Three years ago a membership manager wrote a warm welcome letter for all new members to receive. This letter explained the benefits of being a member and how to get involved. After a bit of deliberation, the staff felt the letter would be more effective if the Executive Director signed it. About four months ago, the membership manager decided to forgo the cost of the mailed letter and converted the letter to an email. Since the letter came from the Executive Director she explored if the CMS could also send it from his email, and it could! She updated the Executive Director about the change, and he seemed fine with it.
Now every once in a while, a seemingly inappropriate email from a new member trickles into the Executive Director’s email box. In these emails, new members are asking to get more involved, or are asking for their login credentials, or are asking for a resource the association does not even have. Since the emails come to him, he feels like he should respond but with managing the staff, and board, and other high-profile projects, there is never time. The handful of emails filter to the bottom of his inbox and are forgotten.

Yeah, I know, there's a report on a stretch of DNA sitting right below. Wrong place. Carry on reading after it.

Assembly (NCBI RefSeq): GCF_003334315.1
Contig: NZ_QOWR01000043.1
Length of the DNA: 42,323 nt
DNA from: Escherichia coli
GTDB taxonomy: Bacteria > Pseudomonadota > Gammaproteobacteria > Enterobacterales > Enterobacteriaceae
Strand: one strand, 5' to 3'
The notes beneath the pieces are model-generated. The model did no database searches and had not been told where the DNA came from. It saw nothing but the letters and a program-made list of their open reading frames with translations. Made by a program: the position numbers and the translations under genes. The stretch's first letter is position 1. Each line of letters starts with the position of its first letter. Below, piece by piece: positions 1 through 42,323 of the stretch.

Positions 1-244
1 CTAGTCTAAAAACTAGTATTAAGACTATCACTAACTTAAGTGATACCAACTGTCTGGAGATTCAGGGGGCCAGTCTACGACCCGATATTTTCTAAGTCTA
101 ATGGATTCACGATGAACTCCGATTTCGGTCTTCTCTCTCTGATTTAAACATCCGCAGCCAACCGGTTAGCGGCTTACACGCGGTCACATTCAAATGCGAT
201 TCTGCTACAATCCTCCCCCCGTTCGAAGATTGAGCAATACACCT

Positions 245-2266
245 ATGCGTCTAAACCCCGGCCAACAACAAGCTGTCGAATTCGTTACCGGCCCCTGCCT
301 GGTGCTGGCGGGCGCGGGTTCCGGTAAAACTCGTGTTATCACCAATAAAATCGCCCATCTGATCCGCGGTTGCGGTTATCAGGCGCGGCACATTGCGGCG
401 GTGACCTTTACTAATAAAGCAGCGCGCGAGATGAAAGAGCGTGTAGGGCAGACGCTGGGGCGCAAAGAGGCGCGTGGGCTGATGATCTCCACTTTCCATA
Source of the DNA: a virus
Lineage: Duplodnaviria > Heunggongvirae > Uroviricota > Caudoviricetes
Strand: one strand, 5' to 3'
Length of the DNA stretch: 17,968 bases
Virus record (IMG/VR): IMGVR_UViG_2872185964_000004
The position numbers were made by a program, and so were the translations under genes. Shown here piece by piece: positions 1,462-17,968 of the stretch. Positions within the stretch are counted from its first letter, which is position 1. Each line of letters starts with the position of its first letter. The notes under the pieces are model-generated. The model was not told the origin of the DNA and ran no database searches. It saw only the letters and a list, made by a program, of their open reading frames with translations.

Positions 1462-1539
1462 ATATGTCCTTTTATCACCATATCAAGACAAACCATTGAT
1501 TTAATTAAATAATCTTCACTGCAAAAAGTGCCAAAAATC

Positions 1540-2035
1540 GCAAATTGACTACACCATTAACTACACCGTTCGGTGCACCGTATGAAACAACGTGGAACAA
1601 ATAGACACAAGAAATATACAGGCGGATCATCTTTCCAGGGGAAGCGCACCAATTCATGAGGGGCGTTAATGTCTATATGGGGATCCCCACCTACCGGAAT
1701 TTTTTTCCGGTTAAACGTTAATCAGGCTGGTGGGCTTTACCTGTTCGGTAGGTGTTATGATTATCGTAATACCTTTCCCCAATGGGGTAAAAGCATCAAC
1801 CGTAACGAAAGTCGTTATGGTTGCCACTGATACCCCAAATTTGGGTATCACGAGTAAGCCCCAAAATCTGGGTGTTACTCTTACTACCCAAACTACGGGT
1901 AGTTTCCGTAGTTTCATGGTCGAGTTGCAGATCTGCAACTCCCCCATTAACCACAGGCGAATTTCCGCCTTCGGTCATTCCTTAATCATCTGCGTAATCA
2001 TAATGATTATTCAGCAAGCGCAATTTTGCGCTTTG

In the research, members indicate that when new members reach out and never receive a response, they often make the decision not to engage again which prompts the decision not to renew.
The letter never invited response, and so it was safe to have it come from the executive director. But email invites a response. Members can just hit reply. When the executive director is too busy to respond, the email needs to come from someone who can.
It is easy to see how association processes can break over time. Why not try a process audit? List and review every critical process, especially those that interface with members. Has there been any member feedback? What could be going wrong? Has the process improved?
Conducting a regularly scheduled process audit can help close gaps in member experience, gaps that we accidentally create over time.